We are all creatures of habit, and how we think is no exception. When we were small children, we developed many patterned ways of viewing ourselves and others that, as adults, we still utilize in making sense of our world.
Though most of our thinking patterns were developed as we saw life through the distorted, uninformed and immature eyes of a child, as adults we don't stop to analyze whether these ways of thinking serve us well.None of us escape from distorted thinking. And many of us are profoundly victimized by distorted thoughts that hold us in their grip simply because we don't know they are there, says David Burns, the author of the vital book "Feeling Good." These thoughts cause our negative moods - the feelings that overwhelm and stress us - including depression, anxiety, anger and guilt.
Knowing that thoughts are patterned allows you the possibility of gaining control of yourself and your moods in ways never before possible. The first step involves getting to know more about how you do think. Analyze your own patterns now by reviewing ten common thinking errors identified by Burns. Do any of these apply to you?
- All-or-nothing thinking. You see things in absolute categories. If your performance isn't perfect, you feel you're a total failure.
- Over-generalization. After something happens once or twice, you leap to the conclusion that it happens every time or to everybody or everywhere. Look for the words "always" and "never" in your thinking.
- Mental filter. You pick out a single negative detail and dwell on it so exclusively that it colors your whole vision of reality - like the drop of ink that discolors the entire beaker of water.
- Disqualifying the positive. By rejecting positive experience (it "doesn't count"), you nurture a negative belief that is contradicted by everyday experience.
- Jumping to conclusions. You interpret events negatively, even though there is no evidence to support your conclusion. This may involve either mind reading, where you believe that you know what another person is thinking, or fortune telling, where you anticipate that things will turn out badly, then later convince yourself that the prediction has been fulfilled.
- Catastrophizing or minimization. You exaggerate the importance of, for example, your goof-up or someone else's achievement, or you minimize into insignificance your own desirable qualities or the other fellow's imperfections.
- Emotional reasoning. Essentially you think, "I feel it, therefore it must be true," or "I feel like an idiot, so I must be one."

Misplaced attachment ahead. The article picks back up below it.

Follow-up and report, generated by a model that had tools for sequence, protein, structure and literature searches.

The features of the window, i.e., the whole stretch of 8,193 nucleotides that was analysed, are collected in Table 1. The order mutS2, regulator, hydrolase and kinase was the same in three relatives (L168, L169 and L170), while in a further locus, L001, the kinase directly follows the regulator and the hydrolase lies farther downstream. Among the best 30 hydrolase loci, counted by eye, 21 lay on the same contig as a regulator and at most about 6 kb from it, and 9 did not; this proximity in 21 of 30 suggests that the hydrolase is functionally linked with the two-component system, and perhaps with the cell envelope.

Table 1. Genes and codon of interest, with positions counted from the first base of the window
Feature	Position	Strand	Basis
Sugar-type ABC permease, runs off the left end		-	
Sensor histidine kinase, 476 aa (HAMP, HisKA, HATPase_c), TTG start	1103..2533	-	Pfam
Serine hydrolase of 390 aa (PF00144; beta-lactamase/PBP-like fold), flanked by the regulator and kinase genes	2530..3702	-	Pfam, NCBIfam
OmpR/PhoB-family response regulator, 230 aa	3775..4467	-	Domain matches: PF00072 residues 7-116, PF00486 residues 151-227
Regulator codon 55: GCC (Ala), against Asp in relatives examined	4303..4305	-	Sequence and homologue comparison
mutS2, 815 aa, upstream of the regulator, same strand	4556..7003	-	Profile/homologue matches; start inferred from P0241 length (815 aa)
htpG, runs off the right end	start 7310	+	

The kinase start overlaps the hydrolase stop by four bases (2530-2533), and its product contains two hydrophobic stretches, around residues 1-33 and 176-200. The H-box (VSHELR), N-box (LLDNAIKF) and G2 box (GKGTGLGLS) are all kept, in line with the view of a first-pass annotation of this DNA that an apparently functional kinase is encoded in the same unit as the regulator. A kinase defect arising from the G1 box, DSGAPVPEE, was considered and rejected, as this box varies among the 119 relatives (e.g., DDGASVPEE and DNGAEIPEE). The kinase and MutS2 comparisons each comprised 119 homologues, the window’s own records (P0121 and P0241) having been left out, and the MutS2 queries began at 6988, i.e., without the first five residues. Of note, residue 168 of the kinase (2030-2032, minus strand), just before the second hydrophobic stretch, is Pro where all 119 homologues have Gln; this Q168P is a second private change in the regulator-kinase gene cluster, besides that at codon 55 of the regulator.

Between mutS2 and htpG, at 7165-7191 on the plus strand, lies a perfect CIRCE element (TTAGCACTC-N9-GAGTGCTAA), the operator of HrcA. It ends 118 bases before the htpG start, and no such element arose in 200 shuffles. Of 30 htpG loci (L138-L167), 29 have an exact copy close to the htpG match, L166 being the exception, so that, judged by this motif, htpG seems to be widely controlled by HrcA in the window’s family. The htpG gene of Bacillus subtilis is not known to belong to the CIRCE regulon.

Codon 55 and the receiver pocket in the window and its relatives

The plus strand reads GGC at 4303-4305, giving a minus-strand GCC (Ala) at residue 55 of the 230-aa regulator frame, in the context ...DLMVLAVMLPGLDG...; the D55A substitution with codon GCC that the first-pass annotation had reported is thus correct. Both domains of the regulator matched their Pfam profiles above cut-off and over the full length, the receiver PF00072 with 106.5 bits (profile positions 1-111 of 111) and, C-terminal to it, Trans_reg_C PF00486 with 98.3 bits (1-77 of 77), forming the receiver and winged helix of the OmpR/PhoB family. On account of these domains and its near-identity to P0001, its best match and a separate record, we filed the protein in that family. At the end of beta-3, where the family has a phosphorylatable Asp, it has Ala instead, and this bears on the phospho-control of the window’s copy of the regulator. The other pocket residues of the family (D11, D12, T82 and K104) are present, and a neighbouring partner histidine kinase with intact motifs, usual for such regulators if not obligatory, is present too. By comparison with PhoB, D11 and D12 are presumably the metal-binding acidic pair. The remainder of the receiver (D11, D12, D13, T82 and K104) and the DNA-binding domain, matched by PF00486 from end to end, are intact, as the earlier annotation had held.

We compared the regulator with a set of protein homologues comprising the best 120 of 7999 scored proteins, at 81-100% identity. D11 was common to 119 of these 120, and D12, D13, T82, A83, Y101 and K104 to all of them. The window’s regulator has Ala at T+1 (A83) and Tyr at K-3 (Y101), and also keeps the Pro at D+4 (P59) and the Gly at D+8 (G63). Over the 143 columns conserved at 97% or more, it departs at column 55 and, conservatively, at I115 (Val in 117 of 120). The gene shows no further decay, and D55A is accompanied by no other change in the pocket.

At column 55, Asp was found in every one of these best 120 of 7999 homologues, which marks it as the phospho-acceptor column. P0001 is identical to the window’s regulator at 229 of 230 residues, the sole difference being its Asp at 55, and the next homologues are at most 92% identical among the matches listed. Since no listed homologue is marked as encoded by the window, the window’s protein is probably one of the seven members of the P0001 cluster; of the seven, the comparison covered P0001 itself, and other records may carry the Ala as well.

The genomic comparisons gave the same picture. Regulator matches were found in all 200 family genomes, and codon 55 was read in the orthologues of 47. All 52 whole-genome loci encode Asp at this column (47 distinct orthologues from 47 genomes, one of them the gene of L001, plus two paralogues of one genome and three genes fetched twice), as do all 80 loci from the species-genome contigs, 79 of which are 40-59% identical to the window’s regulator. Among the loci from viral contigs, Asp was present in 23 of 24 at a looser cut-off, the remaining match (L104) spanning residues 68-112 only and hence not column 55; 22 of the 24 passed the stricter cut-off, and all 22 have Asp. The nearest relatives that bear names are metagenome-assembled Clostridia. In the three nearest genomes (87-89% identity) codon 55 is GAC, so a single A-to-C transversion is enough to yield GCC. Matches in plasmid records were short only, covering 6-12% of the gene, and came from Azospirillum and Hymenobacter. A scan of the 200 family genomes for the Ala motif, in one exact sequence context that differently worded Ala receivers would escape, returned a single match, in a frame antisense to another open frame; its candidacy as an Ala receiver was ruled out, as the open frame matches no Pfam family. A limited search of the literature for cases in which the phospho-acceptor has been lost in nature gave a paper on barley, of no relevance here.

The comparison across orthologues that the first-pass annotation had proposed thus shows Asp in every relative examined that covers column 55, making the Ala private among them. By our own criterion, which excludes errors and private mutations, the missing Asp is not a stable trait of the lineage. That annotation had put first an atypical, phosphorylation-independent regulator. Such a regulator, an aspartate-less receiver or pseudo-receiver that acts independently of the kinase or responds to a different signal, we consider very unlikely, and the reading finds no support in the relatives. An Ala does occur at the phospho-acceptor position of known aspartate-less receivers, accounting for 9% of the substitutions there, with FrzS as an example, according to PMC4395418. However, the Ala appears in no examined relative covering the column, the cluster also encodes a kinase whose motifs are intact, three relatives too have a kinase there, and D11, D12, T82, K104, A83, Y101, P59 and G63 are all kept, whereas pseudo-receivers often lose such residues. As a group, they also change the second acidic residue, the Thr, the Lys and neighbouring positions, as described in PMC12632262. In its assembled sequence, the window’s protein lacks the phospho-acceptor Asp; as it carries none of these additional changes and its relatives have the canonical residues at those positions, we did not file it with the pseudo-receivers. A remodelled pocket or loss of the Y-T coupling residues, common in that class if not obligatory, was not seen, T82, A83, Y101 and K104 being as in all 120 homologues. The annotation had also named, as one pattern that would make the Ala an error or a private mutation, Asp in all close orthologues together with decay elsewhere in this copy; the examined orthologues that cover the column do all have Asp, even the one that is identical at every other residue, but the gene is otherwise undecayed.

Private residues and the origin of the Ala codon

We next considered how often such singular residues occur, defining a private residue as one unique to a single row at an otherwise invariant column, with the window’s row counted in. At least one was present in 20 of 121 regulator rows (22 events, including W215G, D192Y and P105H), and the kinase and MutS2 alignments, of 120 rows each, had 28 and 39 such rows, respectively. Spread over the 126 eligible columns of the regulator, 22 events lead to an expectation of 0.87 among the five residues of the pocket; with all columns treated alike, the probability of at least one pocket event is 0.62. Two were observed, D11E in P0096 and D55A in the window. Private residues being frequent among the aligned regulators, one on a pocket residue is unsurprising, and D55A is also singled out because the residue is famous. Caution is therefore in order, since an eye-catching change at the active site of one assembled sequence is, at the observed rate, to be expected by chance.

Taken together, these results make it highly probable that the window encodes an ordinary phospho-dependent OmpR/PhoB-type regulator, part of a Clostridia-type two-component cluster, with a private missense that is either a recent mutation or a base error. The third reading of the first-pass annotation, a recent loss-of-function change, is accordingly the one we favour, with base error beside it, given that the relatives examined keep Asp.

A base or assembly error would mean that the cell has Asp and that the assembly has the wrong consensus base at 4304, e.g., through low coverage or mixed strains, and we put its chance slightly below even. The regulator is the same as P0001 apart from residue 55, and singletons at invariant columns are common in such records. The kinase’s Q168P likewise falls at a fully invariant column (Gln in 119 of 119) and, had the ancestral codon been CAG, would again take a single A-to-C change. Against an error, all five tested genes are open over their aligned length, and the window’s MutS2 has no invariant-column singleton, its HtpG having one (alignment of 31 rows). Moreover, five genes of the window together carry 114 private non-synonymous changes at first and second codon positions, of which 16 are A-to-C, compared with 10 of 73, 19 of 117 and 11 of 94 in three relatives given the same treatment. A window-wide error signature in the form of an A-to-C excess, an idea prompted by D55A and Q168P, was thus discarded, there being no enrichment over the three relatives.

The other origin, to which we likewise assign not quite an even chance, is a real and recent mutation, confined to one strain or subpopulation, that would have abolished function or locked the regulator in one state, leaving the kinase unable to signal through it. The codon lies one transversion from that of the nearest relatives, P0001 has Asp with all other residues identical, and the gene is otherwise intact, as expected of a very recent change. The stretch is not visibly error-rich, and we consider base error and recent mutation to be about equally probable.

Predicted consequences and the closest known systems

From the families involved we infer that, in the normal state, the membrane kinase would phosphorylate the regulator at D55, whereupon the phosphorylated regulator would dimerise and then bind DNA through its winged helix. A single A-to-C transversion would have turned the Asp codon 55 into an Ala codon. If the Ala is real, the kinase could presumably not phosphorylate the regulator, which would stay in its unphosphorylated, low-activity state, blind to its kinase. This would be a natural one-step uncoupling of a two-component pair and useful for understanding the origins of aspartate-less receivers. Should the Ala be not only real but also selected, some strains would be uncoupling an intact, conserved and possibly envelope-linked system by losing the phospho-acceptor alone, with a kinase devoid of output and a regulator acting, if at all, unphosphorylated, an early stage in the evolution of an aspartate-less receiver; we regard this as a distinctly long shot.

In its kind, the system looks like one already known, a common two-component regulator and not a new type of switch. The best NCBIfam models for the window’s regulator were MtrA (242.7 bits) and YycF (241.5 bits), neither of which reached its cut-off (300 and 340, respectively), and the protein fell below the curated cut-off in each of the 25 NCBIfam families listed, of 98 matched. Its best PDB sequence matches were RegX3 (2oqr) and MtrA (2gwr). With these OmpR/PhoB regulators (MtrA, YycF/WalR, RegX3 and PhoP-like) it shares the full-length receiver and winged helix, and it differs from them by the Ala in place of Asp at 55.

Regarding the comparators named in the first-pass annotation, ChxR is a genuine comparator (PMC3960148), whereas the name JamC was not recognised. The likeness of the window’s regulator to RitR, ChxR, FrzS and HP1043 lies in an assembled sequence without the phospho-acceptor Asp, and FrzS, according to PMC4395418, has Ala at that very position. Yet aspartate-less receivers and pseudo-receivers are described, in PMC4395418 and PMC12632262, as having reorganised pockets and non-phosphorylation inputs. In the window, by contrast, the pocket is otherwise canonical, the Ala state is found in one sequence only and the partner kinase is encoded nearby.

- "Should" statements. You try to motivate yourself with shoulds and shouldn'ts (or musts and oughts).
The emotional consequence is guilt. When you direct these statements toward others, telling them what they "should" do, you reap anger and resentment.
- Labeling. An extreme form of overgeneralization involving emotionally loaded language. Instead of describing your error, you attach a negative label to yourself: "I'm a loser." Or, when someone annoys you, you attach a negative label to him: "He's a creep."
- Personalization. You see yourself as the cause of some negative external event for which in fact you were not responsible: "My child got a poor grade. I must be a bad mother."
If some of these distortions seem uncomfortably familiar and you're thinking, "Yes, they do apply but I'll never be able to remember them all" - don't try. As an experiment, simply pick out the three most applicable, write them on a slip of paper you can refer to often and try to spot them as you're processing events this week.
You may be startled to see how often they are interwoven in your thinking and how impactfully they affect your moods.
For further self-study, read Burns' book, which essentially details an effective approach for combating negative feelings and changing self-defeating behavior. Burns includes chapters on such subjects as depression, self-esteem, anger, guilt, perfectionism, procrastination and managing criticism.
The essence of the "new mood" approach is to 1) identify your automatic thoughts ("Everybody knows how disorganized I am"); 2) identify the thinking error (jumping to conclusions, mind-reading, overgeneralization); and 3) develop a rational response to the situation ("I'm disorganized at times and organized at times. Everybody doesn't think the same way about me.").
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